The US Capitol by R Boed is licensed under CC BY 2.0 DEED

A coalition of 30 conservative organizations urged Senate lawmakers to support H.R. 7024, the Tax Relief for American Families and Workers Act (TRAFWA), in a letter released yesterday.

Please see below for the full content of the letter, or click here.

April 9, 2024

Dear Senators,

We the undersigned organizations write in support of H.R. 7024, the Tax Relief for American Families and Workers Act (TRAFWA) which extends major provisions of the 2017 Trump tax cuts.

Passing this pro-growth tax relief package will strengthen American competitiveness vis-à-vis China, lead to more jobs, higher wages for workers, and encourage new investment and innovation for American businesses.

This legislation would extend three key cost recovery provisions of the Tax Cuts and Jobs Act (TCJA), the 2017 Republican tax cuts signed by President Trump. According to the Tax Foundation, out of the 11 separate tax cuts included in the 2017 tax cuts, these three expiring cost recovery provisions create the largest economic boost. Extending these provisions now protects TCJA’s core pro-growth policies and represents a crucial step in achieving full permanency for the 2017 tax cuts.

Specifically, this legislation:

1. Extends Full Business Expensing (Section 168(k) of the Internal Revenue Code). This legislation would restore full business expensing, also known as bonus depreciation, implemented in TCJA for new investments. This policy encourages new investment to promote greater facility expansion, economic productivity, job growth, and higher wages. This policy also simplifies the tax code by equalizing the tax treatment of new investments with other business expenses such as wages, rent, and healthcare costs.

2. Restores Immediate Deduction of R&D Costs (Section 174). TCJA allowed companies to immediately deduct research and development costs. However, as of 2022, companies must again gradually spread those expenses over 5 years. This bill temporarily restores full expensing for research and development costs, incentivizing American innovation.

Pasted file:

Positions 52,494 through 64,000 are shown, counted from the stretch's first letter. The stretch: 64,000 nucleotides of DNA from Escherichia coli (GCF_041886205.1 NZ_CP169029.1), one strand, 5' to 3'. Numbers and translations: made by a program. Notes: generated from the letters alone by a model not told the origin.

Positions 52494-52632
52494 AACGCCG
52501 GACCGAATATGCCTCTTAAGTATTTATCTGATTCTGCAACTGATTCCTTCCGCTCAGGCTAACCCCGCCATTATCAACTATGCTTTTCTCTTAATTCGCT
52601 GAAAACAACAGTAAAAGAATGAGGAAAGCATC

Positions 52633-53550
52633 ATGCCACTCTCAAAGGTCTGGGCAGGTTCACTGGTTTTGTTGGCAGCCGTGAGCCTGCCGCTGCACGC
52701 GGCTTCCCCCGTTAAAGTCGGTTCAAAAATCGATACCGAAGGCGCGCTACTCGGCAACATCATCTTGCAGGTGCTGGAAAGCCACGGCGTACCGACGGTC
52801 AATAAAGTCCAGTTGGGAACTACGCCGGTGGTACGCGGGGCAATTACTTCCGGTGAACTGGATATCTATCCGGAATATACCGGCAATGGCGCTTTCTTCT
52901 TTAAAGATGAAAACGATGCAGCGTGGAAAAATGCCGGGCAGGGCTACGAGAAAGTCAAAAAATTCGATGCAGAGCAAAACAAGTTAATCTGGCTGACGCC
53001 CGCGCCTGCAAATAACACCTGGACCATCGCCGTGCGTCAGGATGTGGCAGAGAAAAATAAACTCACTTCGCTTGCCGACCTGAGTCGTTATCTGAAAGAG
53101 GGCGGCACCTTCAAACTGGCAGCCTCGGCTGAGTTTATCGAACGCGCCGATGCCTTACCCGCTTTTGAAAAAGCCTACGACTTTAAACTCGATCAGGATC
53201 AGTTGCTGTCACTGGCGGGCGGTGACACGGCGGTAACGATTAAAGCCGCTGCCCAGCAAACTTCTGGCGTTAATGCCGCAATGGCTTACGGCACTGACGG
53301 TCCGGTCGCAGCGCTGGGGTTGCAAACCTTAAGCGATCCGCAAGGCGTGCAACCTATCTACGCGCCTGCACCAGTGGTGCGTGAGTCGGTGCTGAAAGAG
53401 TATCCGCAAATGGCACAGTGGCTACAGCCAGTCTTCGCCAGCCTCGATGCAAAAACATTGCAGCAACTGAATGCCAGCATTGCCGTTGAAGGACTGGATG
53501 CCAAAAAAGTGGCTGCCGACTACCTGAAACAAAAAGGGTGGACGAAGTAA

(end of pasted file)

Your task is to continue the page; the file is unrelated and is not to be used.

3. Restores Interest Deductibility (Section 163( j)) Under the TCJA, businesses could deduct net interest expenses up to 30 percent of earnings before interest, tax, depreciation, and amortization (EBITDA). Unfortunately, starting in 2022, the deduction was narrowed to 30 percent of earnings before just interest and tax (EBIT). Restoring the TCJA policy lowers the tax burden for many capital-intensive taxpayers, including manufacturing businesses that are facing notably higher interest rates.

The importance of extending these key tax provisions was reflected in the overwhelming show of bipartisan support for TRAFWA in the House of Representatives, passing by a supermajority vote of 357-70.

However, after passing the House nearly two months ago, TRAFWA remains stalled in the Senate as lawmakers reportedly seek improvements to the legislation’s expansion of the Child Tax Credit (CTC).

Senators have expressed valid concerns over the bill’s expansion of the CTC, notably the increase in the share of the CTC that is refundable and the temporary “one-year lookback” that allows taxpayers an election to use their prior-year earned income to calculate their maximum child tax credit. However, these provisions should be assessed based on their impact to current law and viewed in the context of the total tax package and the bipartisan compromise it reflects.